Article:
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Arc-en-Sub oceanographic mission to the Azores

To the well-known tune of the Beatles' "Yellow Submarine", an international team of 21 scientists, including six from IPGP, set sail for the Azores aboard the oceanographic vessel "Pourquoi Pas?" as part of the Arc-en-Sub mission, from May 5 to June 2, 2022.

Arc-en-Sub oceanographic mission to the Azores

Publication date: 27/06/2022

Press, Research

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Marine Geosciences

The Arc-en-Sub mission, which runs from May 5th to June 2nd, 2022, is led by Javier Escartín (ENS Paris) and Muriel Andreani (Université Claude Bernard Lyon 1), and involves several members of IPGP’s marine geosciences team: Simon Besançon, Jérôme Dyment, Antoine Demont, Alex Hughes, Milena Marjanović and Valentine Puzenat.

The aim of the oceanographic campaign is to map the Rainbow hydrothermal massif using high-resolution bathymetry data, in order to identify active and fossil hydrothermal fields, characterize the nature of the volcanic and tectonic structures in the area, and understand the organization and evolution of hydrothermal activity on different time scales.

The many and varied operations carried out on board include the acquisition of bathymetry and magnetism data on the seafloor, in situ sampling and observation to better understand the regional geology, temperature measurements of hydrothermal fluids combined with autonomous pressure sensors and current meters, and the study of seafloor compliance to identify subsurface materials and provide information on the presence of fluids (e.g. hydrothermal systems, molten bodies).

Rainbow Massif Diagram

The Rainbow Massif

Nestled in a non-transforming discontinuity of the slow Mid-Atlantic Ridge, at 36°14’N, the Rainbow Massif is located near a tectonic peak that develops between the terminations of two ridge segments, where mantle peridotites outcrop along a large detachment fault. The massif hosts two types of hydrothermal systems: one active (Rainbow), and two inactive (Clamstone and Ghost City). A recent seismic survey revealed the presence of vertically superimposed reflectors, which have been interpreted as magmatic lenses located between 3 and 8 km below the seafloor.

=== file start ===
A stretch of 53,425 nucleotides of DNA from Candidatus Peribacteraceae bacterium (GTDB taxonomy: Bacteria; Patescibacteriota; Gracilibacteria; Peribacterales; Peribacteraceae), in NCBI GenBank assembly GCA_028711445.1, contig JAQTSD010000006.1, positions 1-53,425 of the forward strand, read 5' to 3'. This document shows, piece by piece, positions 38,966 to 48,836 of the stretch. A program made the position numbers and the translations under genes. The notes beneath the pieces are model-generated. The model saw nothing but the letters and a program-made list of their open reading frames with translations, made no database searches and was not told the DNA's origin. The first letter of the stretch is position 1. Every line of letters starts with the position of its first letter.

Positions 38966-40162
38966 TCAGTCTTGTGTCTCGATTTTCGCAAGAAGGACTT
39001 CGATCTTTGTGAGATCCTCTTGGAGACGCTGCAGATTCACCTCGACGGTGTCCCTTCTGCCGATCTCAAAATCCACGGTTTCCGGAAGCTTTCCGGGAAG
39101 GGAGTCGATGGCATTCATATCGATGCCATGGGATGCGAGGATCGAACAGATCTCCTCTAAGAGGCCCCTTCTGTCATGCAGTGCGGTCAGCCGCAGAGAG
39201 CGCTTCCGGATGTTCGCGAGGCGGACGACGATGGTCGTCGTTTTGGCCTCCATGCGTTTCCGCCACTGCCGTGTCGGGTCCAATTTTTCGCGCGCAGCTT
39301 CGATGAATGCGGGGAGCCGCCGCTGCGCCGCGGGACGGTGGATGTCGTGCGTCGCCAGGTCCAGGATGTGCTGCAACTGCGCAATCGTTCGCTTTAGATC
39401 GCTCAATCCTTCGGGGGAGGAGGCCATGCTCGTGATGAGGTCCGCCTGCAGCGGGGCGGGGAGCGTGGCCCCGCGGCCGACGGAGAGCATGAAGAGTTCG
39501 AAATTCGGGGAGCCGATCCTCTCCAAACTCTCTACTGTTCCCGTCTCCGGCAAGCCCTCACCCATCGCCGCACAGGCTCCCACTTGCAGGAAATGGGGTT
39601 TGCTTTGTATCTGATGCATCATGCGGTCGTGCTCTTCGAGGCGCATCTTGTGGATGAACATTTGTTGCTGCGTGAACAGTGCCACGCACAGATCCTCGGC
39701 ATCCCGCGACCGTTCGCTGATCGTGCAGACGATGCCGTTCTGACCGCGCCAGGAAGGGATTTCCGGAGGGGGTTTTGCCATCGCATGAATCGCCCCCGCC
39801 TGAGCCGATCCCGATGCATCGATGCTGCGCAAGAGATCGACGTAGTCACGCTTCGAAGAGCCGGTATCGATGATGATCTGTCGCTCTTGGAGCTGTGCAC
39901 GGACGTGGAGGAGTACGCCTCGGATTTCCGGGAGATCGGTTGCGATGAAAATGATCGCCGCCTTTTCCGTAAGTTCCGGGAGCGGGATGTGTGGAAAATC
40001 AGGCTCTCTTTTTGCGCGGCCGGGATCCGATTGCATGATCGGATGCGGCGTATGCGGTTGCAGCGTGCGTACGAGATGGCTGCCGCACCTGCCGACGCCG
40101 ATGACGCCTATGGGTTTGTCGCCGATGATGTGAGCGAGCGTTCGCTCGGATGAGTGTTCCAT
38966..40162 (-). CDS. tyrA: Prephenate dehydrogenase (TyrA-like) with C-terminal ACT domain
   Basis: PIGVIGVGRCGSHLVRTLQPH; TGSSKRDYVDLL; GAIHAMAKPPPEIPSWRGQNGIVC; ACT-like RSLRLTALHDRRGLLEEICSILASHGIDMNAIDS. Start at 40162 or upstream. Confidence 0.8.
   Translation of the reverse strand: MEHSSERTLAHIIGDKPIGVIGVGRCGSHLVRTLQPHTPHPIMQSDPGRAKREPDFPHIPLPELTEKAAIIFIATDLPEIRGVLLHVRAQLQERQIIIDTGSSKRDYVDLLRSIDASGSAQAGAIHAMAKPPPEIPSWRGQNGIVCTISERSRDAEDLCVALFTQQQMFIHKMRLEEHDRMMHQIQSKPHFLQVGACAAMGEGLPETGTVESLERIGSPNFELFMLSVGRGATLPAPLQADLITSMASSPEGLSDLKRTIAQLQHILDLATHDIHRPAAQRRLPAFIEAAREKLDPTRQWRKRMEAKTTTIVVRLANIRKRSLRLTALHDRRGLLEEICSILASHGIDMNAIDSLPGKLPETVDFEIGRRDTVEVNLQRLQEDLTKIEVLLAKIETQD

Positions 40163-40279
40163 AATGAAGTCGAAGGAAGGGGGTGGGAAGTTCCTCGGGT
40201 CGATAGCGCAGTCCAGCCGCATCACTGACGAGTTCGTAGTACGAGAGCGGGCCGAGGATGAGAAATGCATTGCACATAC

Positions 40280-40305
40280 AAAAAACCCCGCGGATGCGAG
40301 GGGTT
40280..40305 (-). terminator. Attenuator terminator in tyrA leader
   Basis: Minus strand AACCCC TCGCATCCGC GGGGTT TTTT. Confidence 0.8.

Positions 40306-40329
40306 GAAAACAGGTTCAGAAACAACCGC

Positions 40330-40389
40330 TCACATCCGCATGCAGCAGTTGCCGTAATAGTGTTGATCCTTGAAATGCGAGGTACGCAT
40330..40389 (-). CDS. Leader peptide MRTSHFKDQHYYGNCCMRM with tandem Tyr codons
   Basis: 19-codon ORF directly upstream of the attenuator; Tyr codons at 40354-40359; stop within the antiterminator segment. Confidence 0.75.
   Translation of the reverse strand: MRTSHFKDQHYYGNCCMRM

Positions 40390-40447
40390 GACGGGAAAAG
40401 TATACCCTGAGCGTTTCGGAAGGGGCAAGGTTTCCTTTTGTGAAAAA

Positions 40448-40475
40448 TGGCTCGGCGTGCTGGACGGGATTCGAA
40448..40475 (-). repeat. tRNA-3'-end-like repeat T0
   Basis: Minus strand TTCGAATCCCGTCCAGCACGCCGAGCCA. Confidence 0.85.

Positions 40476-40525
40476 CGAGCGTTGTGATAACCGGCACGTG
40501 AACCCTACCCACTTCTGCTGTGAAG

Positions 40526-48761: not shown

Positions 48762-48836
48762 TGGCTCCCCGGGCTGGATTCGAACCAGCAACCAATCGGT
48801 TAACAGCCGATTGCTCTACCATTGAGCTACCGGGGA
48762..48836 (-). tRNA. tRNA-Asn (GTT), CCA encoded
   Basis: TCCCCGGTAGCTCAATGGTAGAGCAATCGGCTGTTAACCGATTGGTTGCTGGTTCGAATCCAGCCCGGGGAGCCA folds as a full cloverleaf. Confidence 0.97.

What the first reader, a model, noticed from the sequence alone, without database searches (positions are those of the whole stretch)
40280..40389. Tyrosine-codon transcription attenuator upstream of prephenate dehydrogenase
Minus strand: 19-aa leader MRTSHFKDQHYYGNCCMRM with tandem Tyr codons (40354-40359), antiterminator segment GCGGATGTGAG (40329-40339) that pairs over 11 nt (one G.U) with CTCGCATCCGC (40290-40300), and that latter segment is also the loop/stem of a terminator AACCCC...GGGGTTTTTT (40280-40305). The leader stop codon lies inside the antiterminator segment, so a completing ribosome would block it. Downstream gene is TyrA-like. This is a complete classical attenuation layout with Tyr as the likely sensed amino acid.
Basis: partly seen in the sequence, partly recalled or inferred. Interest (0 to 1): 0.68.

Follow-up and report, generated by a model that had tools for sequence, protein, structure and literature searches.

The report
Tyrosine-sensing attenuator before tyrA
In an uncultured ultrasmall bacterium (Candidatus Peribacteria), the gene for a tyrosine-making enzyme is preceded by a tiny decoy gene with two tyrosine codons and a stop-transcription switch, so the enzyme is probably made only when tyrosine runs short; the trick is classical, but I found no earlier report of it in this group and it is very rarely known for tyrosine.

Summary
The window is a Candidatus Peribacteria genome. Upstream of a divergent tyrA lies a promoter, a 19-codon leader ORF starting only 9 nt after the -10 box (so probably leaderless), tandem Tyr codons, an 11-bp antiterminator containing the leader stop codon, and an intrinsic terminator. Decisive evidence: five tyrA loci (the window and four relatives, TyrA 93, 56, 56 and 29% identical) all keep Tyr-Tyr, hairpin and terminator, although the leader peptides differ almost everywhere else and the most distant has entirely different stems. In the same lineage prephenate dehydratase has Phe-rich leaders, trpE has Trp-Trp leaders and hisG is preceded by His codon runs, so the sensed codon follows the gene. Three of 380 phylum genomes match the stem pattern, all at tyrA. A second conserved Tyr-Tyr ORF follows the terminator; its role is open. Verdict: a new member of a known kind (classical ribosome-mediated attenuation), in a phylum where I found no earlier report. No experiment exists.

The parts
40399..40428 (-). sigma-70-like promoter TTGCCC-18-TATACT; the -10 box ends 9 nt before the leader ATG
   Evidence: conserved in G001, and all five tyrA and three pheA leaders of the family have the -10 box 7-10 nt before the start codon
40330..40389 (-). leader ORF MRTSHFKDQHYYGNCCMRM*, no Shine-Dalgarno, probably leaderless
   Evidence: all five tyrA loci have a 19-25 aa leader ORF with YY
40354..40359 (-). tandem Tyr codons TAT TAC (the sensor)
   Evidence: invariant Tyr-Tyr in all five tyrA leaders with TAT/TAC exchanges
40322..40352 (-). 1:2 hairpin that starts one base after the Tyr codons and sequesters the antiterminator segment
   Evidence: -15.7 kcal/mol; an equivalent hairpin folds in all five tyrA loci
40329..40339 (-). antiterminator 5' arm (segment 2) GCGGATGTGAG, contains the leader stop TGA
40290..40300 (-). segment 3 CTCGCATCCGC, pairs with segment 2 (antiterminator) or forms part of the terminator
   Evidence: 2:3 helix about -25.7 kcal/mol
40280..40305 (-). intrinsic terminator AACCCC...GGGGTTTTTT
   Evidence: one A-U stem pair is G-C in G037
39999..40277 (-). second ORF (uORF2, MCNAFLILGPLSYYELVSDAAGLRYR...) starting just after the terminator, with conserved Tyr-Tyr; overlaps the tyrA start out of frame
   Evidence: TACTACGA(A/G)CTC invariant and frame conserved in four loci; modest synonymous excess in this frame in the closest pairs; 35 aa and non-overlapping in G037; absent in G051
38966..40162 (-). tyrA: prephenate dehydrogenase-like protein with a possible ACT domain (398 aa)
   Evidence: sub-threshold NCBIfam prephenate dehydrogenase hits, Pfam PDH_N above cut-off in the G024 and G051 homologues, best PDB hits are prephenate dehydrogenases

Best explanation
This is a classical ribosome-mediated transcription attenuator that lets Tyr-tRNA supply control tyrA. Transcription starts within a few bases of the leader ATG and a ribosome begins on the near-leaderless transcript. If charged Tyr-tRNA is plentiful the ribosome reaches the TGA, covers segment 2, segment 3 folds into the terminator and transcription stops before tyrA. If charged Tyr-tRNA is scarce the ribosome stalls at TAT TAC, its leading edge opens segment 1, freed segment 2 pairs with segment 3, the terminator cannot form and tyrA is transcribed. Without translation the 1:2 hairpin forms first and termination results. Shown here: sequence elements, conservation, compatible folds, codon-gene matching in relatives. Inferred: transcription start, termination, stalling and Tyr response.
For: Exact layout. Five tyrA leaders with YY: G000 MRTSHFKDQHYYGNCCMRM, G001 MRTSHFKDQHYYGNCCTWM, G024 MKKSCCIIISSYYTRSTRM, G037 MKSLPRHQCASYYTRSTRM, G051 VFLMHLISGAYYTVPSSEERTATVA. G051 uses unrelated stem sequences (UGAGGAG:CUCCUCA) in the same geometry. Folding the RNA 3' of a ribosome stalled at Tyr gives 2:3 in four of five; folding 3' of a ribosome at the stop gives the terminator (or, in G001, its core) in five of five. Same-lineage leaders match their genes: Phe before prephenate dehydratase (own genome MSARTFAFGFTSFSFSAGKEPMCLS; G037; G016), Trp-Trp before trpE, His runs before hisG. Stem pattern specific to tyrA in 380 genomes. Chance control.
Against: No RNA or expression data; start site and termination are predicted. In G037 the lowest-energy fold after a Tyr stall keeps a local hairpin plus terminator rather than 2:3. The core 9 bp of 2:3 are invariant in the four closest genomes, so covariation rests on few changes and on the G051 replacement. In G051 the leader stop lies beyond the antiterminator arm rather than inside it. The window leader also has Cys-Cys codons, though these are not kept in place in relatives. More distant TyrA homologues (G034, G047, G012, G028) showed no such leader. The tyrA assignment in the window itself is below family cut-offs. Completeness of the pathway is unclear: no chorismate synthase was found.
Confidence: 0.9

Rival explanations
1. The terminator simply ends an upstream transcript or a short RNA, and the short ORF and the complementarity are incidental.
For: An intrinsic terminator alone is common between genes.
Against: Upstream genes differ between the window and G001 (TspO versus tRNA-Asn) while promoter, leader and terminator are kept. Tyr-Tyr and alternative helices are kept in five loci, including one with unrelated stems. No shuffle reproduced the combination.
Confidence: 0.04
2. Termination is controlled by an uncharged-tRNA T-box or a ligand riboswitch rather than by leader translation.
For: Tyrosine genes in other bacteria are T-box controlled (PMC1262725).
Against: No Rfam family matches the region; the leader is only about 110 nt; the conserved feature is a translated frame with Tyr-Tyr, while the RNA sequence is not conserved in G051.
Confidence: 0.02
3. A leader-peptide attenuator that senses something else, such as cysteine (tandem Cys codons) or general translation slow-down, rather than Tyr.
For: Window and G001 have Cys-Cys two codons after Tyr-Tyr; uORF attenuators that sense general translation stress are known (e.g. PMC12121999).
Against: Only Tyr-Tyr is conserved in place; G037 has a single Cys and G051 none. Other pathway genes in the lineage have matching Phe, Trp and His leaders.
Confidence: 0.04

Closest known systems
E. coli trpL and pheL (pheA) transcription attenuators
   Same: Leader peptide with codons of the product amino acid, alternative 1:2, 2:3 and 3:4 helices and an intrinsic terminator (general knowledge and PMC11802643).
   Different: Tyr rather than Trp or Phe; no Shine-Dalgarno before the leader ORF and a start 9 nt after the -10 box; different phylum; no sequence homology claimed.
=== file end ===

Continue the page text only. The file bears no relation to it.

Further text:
Compliance measures

Compliance is the study of seabed movements under the effect of oceanic gravity waves. The amplitude of these movements is related to the mechanical properties of the subsurface, and enables us to characterize the materials that make up the oceanic crust. Compliance studies on the Rainbow Massif should constrain the presence of subsurface molten bodies, which could feed hydrothermal circulation and thus influence the overall alteration of the massif. These measurements require highly sensitive broadband seismometers (BBOBS) and pressure sensors available from the IPGP’s OBS park. During the expedition, five BBOBSs will be deployed, some once, others twice.

5 BBOS ready to be launched

Autonomous underwater vehicles

Autonomous Underwater Vehicles (AUVs) are underwater drones used to acquire high-resolution bathymetric data (~1m per pixel) from the seabed. During Arc-en-Sub, the IdefX AUV (IFREMER) is used to map the general morphology of the Rainbow Massif and identify major tectonic, volcanic and hydrothermal structures down to a water depth of 2850m. The bathymetric maps thus produced are also used to identify dive zones for the ROV Victor 6000 (IFREMER). IdefX is also equipped with a nephelometer that measures turbidity in the water column, helping the team to identify new sites of hydrothermal activity.

Remotely operated underwater robots

Remotely Operated Vehicles (ROVs) are directly controlled by engineers on board the ship. ROVs are equipped with a high-definition camera to transmit live video of the seabed, enabling scientists to identify seabed morphologies and collect samples using the robot’s arms. Arc-en-Sub uses IFREMER’s Victor 6000 ROV, which can reach a maximum depth of 6,000 m. In addition to cameras, the ROV can also be fitted with a range of geophysical equipment. For Arc-en-Sub, the ROV carries a vertical static camera for seabed photomosaics, and a magnetometer to measure magnetic anomalies and help locate new hydrothermal sites.

ROV Victor 6000 (IFREMER).
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